The Government proposes that codes of conduct should establish best practice standards for the financial services industry. A code should have as its basis the Law and provide clarification and processes and procedures for meeting the requirements of the Law. Codes may also be developed that establish best practice in areas not covered by the Law, but where industry and consumers consider the adoption by industry participants of consistent procedures and standards will facilitate business and enhance services offered to consumers. [72]
It is expected that new and revised codes would be developed by industry in consultation with ASIC and with consumer associations.
Industry may seek ASIC approval of a code, and ASIC will have power to approve a code as being consistent with the financial services law and representing best practice for an industry sector. [73] Such a code would largely be regulated by the industry. However, it would not be mandatory for an industry participant to be a party to a code nor would codes be required to be approved by ASIC.
In exercising its powers, ASIC will be required to take account of the benefit of having codes of conduct harmonised to the greatest extent possible to reflect the regulation of the financial services industry. At the same time, however, where codes govern activities not covered by the regulatory framework, or where codes provide detail about how to meet regulatory requirements the different characteristics of particular financial products or activities should be recognised.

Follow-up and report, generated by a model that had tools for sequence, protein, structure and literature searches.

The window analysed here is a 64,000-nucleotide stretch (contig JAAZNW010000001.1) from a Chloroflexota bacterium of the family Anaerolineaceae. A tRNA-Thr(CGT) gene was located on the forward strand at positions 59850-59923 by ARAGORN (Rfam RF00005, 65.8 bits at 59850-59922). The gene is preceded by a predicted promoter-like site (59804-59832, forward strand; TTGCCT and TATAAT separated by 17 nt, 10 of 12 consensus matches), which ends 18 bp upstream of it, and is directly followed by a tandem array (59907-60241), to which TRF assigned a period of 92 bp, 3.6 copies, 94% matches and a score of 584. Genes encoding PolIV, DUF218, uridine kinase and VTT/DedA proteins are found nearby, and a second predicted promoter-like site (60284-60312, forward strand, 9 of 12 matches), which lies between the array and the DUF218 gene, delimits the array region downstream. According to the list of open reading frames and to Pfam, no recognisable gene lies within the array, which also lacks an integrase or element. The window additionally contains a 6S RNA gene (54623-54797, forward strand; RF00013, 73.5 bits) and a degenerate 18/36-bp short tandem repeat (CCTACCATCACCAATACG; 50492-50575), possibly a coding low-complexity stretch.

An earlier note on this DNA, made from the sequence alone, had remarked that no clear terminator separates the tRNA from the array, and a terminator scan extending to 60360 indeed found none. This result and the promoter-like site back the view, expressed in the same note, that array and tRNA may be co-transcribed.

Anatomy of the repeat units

Codes which are currently enforced by the industry can continue to be enforced in that way.
The objective of the Government ’s approach to codes is to provide flexibility to industry participants and foster an environment whereby industry works co-operatively with the regulator and consumer associations to establish best practice.

[72]. See Codes of Conduct Policy Framework released by the Government in March 1998. This framework seeks to provide guidance to business and consumers about the development of codes of conduct generally.
[73]. ACCC may also play a role in relation to questions of competitive behaviour.